Weekend Reading: July 30, 2016

Good morning and welcome to the weekend reading.  This is a little later than I’d normally send this along, so I may have missed your early morning reading window. Therefore I am going to be brief today, and I hope you enjoy some of the articles and other good stuff I enjoyed this week.  Here goes…

Let’s begin with some of the presidential race. I appreciated this article by Wayne Grudem.  Grudem is one of the most respected evangelical theologians in America, and one of the smartest people you’d ever meet. He spoke out against Donald Trump during the primary campaigns (as he points out in this article), but now he makes the argument for why he will be voting for Donald Trump. I think he probably goes a step too far in saying that Christians could receive judgment for not voting at all for a Presidential candidate. The force of that argument loses some of its moral teeth when one considers that on the other side of the coin, Christians are considering whether voting for an amoral serial adulterer who changes his positions regularly, will be something they’re answerable for at the Judgement (the Russell Moore argument). Nevertheless, he makes points worth considering and praying over as you contemplate how to cast your ballot this November. (h/t Kate W.)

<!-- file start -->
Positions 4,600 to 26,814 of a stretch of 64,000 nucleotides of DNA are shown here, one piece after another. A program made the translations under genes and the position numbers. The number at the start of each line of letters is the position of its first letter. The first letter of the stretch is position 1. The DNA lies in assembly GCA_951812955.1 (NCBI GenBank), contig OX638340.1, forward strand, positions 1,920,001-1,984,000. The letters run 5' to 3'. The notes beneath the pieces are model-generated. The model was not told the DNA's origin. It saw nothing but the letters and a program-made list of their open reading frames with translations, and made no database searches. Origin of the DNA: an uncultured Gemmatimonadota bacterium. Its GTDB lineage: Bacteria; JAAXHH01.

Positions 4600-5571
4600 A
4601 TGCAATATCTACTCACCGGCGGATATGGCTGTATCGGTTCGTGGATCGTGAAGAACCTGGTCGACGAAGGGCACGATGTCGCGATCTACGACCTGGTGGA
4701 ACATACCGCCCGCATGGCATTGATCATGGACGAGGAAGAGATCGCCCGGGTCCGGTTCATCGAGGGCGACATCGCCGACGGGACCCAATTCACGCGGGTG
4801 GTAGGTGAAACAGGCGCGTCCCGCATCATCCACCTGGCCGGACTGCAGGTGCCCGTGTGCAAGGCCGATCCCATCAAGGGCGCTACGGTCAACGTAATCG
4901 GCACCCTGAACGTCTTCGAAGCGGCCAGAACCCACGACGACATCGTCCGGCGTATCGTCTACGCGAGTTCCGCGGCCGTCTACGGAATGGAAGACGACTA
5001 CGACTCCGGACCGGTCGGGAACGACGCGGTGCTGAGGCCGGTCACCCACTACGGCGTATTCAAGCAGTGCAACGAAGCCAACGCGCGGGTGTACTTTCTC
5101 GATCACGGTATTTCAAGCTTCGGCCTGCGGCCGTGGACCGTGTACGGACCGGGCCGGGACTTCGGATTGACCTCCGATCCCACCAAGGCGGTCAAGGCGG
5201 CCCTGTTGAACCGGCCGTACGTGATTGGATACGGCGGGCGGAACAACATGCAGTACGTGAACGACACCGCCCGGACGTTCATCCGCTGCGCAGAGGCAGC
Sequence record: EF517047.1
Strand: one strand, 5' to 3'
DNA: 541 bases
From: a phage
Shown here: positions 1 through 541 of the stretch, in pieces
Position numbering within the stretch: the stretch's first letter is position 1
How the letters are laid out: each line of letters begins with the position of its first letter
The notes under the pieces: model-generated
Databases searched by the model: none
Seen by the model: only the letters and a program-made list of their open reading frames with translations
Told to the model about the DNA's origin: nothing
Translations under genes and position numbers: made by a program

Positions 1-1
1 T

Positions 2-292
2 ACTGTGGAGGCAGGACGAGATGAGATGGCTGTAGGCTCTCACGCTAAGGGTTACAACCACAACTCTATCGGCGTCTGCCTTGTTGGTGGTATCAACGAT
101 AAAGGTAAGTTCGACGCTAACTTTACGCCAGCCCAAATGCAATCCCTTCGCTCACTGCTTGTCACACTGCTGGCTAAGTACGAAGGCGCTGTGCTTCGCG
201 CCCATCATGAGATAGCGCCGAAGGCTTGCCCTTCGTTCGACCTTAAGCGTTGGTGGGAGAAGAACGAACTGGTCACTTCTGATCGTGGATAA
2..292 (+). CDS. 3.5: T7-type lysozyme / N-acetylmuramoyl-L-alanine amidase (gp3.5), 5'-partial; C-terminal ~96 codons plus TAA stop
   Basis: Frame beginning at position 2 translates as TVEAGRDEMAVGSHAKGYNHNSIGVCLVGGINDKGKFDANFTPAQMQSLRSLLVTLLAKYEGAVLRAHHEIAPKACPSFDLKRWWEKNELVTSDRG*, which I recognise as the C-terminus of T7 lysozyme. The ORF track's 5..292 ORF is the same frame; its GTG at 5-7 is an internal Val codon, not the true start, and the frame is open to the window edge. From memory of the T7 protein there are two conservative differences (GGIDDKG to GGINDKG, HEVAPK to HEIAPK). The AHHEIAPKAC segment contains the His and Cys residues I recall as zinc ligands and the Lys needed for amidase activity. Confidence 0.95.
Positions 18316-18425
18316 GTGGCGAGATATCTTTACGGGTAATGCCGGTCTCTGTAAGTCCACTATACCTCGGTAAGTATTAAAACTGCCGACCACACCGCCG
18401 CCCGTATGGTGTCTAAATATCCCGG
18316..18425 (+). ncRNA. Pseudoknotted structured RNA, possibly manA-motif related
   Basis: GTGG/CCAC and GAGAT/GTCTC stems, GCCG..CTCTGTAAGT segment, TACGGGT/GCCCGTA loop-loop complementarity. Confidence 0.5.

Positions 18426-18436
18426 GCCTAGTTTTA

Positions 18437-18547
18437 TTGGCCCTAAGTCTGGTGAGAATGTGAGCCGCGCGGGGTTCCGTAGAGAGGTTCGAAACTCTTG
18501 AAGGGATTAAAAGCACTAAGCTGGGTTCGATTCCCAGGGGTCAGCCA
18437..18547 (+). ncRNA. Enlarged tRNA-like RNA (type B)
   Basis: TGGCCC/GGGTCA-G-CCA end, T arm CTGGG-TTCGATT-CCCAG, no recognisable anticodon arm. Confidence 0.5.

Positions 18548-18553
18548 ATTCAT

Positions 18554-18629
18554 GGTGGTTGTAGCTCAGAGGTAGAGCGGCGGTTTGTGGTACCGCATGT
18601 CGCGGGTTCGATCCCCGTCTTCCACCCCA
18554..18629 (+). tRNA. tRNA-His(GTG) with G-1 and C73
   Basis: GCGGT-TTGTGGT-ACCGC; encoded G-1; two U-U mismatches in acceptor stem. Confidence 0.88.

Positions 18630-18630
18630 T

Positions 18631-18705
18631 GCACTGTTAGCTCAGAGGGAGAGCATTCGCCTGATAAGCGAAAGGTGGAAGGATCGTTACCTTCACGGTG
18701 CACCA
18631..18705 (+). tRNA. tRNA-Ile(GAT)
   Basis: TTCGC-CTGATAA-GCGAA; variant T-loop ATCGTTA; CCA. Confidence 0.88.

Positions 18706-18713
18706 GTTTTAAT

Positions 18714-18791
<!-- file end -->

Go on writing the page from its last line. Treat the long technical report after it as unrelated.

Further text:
This past week the Democrats nominated Hillary Clinton as their nominee. Fellow Weekend Reader David Clementson has a column in Newsweek (and like five other publications) that compares the acceptance speech of Hillary to that of The Donald, using an analysis of language intensity to discern who had the best speech. Very interesting stuff here!

One of the consequences of Hillary winning the Democratic nomination was that Socialist Bernie Sanders chose to publicly endorse and support her. There have been several comments on this development, ranging from those who think Bernie has lost all his influence with his own supporters (who heckled and protested at the convention), to those who feel he will have a lasting impact on the campaign going forward.  Fred Barnes has a piece that evaluated Bernie’s impact, and the consequences of his decisions. Here’s an excerpt: